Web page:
Advice on Taking a Leave of Absence that Won’t Hurt

The modern drive to perform well and achieve great things has a lot of momentum behind it, and some employees can sometimes feel emotionally overwhelmed by even the smallest of failures or mistakes. Taking a leave of absence is an especially stressful process for many people, as there can be feelings of shame or anxiety about being able to return to work.

Relevant for both therapists and their clients, a discussion piece over at takes a look at why we sometimes feel in upheaval about taking time off of work, and also suggests a few steps for making it a positive and relaxing experience, such as not waiting too long to take a break.


Crawshaw, C. (2009, September 25). Look before you leap into leave of absence: You shouldn’t wait until you’ve completely lost control on the job. Retrieved from

© Copyright 2009 by By John Smith. All Rights Reserved. Permission to publish granted to

The preceding article was solely written by the author named above. Any views and opinions expressed are not necessarily shared by Questions or concerns about the preceding article can be directed to the author or posted as a comment below.

  • Leave a Comment
  • MarthaT.

    July 13th, 2009 at 5:16 PM

    I took a leave of absence and never regretted doing so. We were in the midst of a merger. My department had suddenly doubled in size, I had moved house and my husband had been made redundant the week after we did so. I imagined my superior would go ballistic. He didn’t. He came through for me. He said to take all the time I needed and my job would be there when I was ready to come back. He was true to his word.

  • Shannon

    July 14th, 2009 at 12:18 PM

    Earlier in my nursing career I had just really hit the wall on both a personal and professional level and really thought that taking a short term leave of absence would help me. I was so right and have never regretted one day since having done that. I have never missed out on any promotions or important job assignments because of my decision to take that leave- as a matter of fact I think that my supervisor thought better of me for being honest and giving her the heads up of what was going on with me and she complteely agreed that it was a good decision. Now I can just take short mini vacations and feel good about life, and it was as simple as that rest giving me the time to get refocused on the things I wanted most and the time to sort it all out to have the energy to carry on.

  • Sandy

    July 15th, 2009 at 3:55 AM

    OMG! this relates so well with me. I feel when its my turn to take vacation, that I am needed to help and assist my co-workers. I enjoy every minute of my vacation, but I find myself calling in at least once or twice to make sure everything is okay. I always know when I come back, my desk will be flooded with files that needs to be worked on. Just because I take vacation, doesn’t mean my workplace stops working and that means more for me when I get back. Sometimes I need a vacation from my vacation.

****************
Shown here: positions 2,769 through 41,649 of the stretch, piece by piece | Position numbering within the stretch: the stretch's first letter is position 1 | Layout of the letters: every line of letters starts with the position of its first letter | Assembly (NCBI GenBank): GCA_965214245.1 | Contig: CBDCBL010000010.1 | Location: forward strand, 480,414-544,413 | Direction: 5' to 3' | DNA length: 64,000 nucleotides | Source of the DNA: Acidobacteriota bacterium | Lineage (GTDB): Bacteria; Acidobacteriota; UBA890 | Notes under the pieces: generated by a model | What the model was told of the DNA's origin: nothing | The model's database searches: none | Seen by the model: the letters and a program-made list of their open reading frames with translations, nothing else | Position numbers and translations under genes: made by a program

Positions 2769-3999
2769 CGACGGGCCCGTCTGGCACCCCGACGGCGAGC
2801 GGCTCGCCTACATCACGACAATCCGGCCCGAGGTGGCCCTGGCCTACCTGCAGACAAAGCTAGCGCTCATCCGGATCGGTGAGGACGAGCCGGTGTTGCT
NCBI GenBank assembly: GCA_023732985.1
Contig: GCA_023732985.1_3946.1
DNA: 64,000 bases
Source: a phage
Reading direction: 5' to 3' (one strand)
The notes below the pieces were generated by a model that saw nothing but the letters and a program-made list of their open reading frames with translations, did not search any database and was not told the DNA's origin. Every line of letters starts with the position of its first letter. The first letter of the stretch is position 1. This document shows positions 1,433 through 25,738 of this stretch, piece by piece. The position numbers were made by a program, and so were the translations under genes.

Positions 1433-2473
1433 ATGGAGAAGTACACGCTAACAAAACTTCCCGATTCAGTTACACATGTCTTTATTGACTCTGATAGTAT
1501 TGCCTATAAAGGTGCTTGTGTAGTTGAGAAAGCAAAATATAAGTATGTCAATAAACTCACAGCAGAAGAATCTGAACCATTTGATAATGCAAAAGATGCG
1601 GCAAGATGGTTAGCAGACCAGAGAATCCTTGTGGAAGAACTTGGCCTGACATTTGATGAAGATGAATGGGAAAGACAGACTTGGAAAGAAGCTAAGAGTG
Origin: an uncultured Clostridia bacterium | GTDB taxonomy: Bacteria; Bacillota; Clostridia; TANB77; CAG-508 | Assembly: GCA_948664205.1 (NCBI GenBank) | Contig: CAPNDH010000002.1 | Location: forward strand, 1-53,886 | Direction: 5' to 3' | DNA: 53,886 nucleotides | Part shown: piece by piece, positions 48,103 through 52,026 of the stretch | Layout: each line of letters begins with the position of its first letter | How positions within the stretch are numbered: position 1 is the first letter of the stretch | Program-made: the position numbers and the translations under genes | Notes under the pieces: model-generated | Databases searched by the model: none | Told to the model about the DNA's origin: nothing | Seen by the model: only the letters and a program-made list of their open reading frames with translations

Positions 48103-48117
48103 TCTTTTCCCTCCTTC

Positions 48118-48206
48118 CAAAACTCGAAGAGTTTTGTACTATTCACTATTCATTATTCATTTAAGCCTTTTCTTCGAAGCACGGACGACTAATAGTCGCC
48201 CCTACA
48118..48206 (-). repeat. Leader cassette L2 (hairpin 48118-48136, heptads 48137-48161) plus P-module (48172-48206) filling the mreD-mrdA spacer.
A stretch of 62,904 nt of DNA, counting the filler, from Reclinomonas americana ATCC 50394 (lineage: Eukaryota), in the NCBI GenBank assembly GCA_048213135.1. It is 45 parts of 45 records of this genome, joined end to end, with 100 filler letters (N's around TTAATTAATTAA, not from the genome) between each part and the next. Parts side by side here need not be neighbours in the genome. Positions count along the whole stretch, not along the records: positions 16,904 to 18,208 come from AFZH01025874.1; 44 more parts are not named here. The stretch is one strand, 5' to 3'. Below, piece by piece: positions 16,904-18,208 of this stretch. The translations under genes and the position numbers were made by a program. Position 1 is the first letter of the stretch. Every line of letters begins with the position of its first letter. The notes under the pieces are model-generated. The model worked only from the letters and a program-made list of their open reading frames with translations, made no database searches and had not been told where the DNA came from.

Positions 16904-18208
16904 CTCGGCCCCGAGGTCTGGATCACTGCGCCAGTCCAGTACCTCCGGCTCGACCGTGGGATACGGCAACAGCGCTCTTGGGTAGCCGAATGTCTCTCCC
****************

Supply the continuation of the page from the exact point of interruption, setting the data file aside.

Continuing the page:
• Hollis

    July 17th, 2009 at 12:00 PM

    It is an interesting side note to explore the fact that the boss who seems like he or she will be the most opposed to you taking the leave of absence is probably the one who is ultimately going to miss you the most while you are gone. This means that he or she relies upon you a lot, and while a part if them wants you to take care of yourself there is another selfish side that does not want to let go because you probably make his or her life at work a whole lot easier. I think it is a good idea to sit down with the boss and explain to him that in order for you to stay at the top of your game and to continue to be able to give 100 percent at work that you need time to take care of yourself too and a short leave of absence can be a fabulous way to do all of that. In the end the boss will appreciate you even more when you come back. Absence does indeed make the heart grow fonder!

  • Don

    July 21st, 2009 at 3:30 PM

    Just be honest with your employer. That little attribute that we dismiss as dead does still go a long way even in today’s job market. I know that as an employer I like for my employees to feel like they can come to me and talk about their problems and feel like maybe I can help them out with some advice and ideas. I do not understand being one of those overbearing people who make everyone that works for them crazy and afriad to go to them. I would much rather give a good employee a little leave time than lose them for good.

  • Mei

    August 5th, 2014 at 5:53 PM

    I want to take a leave of absence but I am worried my boss won’t let me. I’ve worked for the company for 15 years now and 3 years ago, I found out I have anxiety. It’s getting worse and worse and the medication I’m prescribed bothers me. I’m at a breaking point where I just want to up and go. I’m not sure how I would do this and wonder if I should get a note from my doctor.

  • Robert R

    March 31st, 2015 at 3:16 PM

    Some good tips here, also you should always try to put yourself in your employers shoes. Explain why your leave of absence will benefit them (not just you).

Leave a Comment

By commenting you acknowledge acceptance of's Terms and Conditions of Use.

* Indicates required field.

GoodTherapy uses cookies to personalize content and ads to provide better services for our users and to analyze our traffic. By continuing to use this site you consent to our cookies.